Zoroastrianism is an ancient religion that is the first religion to develop a monotheistic belief system. Zoroastrianism is heavily influential in the formation of the many religions, but more specifically, Christianity. For example, both religions believe in dualism, which is the concept that there are two original spirits: good and evil. In Zoroastrianism the good god is Ahura Mazda with the evil god being Angra Mainyu (Oxtoby, 5). In Christianity the good god is just referred to as God or Lord while the evil god is simply referred to as the Devil. In class we learned about the founder of Zoroastrianism, Zoroaster who was born into the warrior class who travels from his hometown to convince King Vishtaspa of his message who then converts his kingdom to Zoroastrianism. Mirroring this in Christianity, Jesus of Nazareth, known as Christ is the founder of Christianity spreading his message of resurrection and monotheism (Oxtoby, 143). Additionally, both religions believe that Ahura Mazda and God were the creators of the world, respectively, and how it came to be and also sharing the monotheistic belief that these two gods are the only ones to worship. Both religions have an emphasis on morality and good ethics, with Zoroastrianism having five particular points while Christianity stemmed from this which also has a moral code which is known as the Ten Commandments (Oxtoby, 5). While both religious share the importance of death and reincarnation the two differ on burial rites. In Zoroastrianism the belief is that the dead should be disposed of in the “towers of silence” so that birds of prey can eat their remains (Oxtoby, 5). In Christianity, the belief is to give the person a proper burial ceremony and then to bury the body in a grave in sacred ground. In general, Christianity stems from Zoroastrianism and even though Zoroastrianism has nearly phased out and Christianity has grown to be one of the most practiced religions, we cannot neglect where we adopted Christianity from.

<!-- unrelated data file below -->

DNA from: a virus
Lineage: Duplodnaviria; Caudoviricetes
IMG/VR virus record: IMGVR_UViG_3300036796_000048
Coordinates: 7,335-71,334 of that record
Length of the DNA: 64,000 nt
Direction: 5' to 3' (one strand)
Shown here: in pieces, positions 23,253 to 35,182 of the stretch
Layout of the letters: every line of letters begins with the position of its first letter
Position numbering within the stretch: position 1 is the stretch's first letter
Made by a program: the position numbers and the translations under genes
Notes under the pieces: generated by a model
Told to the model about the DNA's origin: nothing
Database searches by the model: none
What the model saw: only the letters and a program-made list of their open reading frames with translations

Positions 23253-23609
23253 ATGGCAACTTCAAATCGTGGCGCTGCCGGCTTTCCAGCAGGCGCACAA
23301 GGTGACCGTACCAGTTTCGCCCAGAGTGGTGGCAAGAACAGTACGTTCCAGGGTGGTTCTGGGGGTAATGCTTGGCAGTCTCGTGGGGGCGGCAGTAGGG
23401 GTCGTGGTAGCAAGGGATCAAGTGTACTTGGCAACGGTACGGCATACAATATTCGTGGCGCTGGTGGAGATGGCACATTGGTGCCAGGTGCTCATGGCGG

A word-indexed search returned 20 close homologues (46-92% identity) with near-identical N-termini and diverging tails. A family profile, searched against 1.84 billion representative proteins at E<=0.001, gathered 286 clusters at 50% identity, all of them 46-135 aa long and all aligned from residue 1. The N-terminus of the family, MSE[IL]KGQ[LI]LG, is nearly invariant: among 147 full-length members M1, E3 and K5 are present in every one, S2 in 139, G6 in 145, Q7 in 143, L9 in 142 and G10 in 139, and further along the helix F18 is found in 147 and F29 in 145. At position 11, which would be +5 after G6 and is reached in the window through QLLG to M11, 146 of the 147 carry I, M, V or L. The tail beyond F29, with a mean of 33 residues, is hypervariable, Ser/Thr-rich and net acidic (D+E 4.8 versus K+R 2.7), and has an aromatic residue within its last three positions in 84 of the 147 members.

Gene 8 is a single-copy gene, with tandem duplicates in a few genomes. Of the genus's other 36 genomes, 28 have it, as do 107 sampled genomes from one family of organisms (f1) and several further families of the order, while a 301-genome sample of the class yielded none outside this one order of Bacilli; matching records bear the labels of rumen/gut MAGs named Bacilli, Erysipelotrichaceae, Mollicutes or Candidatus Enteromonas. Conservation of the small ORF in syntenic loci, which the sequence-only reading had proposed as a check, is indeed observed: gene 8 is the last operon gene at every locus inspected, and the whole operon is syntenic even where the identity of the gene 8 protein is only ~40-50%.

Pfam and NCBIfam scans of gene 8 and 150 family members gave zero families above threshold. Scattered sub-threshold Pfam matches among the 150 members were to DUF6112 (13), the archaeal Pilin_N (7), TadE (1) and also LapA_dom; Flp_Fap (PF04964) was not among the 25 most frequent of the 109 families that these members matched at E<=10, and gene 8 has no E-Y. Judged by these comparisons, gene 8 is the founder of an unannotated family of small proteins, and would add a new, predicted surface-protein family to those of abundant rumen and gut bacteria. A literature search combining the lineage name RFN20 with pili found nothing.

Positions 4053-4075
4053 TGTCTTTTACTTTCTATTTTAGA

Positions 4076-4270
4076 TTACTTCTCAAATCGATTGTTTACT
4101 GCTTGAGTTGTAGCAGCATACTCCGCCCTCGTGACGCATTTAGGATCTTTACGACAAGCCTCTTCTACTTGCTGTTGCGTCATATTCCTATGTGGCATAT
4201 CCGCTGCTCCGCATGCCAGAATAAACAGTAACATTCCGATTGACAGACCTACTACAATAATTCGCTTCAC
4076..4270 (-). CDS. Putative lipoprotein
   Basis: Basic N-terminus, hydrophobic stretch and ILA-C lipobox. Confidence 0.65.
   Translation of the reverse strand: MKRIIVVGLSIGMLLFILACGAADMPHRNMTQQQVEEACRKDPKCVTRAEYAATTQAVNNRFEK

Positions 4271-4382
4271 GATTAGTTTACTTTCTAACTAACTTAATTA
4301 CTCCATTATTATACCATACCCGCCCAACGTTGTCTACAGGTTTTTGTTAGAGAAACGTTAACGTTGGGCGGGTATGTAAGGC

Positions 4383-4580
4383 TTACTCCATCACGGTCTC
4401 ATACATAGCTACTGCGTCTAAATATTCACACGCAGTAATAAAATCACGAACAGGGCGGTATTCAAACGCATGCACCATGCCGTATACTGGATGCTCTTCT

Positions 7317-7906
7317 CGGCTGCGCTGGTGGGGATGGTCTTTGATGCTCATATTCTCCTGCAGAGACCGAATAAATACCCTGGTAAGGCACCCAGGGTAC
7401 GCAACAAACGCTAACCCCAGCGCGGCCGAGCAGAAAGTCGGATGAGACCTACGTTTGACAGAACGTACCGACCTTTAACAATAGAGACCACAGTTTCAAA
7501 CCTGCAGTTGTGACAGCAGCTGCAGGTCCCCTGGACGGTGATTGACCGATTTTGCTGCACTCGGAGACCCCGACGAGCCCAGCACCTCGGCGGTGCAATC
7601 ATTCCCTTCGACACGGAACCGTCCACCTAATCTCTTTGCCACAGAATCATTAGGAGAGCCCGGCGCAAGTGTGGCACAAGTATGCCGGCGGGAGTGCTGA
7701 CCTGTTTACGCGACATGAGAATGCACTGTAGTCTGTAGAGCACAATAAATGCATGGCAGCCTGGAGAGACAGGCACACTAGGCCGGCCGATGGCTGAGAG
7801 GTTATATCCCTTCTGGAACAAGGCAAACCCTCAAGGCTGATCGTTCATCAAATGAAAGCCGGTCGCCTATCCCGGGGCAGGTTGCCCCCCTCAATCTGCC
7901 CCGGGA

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Describe how Christian Fundamentalism (or more specifically Pentecostalism) was reacting to events taking place in the 19th century.
During the nineteenth century, Charles Darwin came out with his theory of human evolution. This theory caused major disputes within the Christian community which initiated the split of Catholics from Christians, however the Christians would further be subdivided into Evangelicals to Fundamentalists, then Pentecostals and even serpent handlers. The disagreement was about separation of religion from state affairs in regards to evolution, slavery, and the upcoming issue of women’s rights that will take off in the twentieth century. “The eighteenth-century Enlightenment and the American and French revolution loosened the official ties between church and state” (Oxtoby, 187). The Catholics kept a conservative viewpoint whereas the Christians held a more liberal point of view, and thus began to subdivide into separate branches of...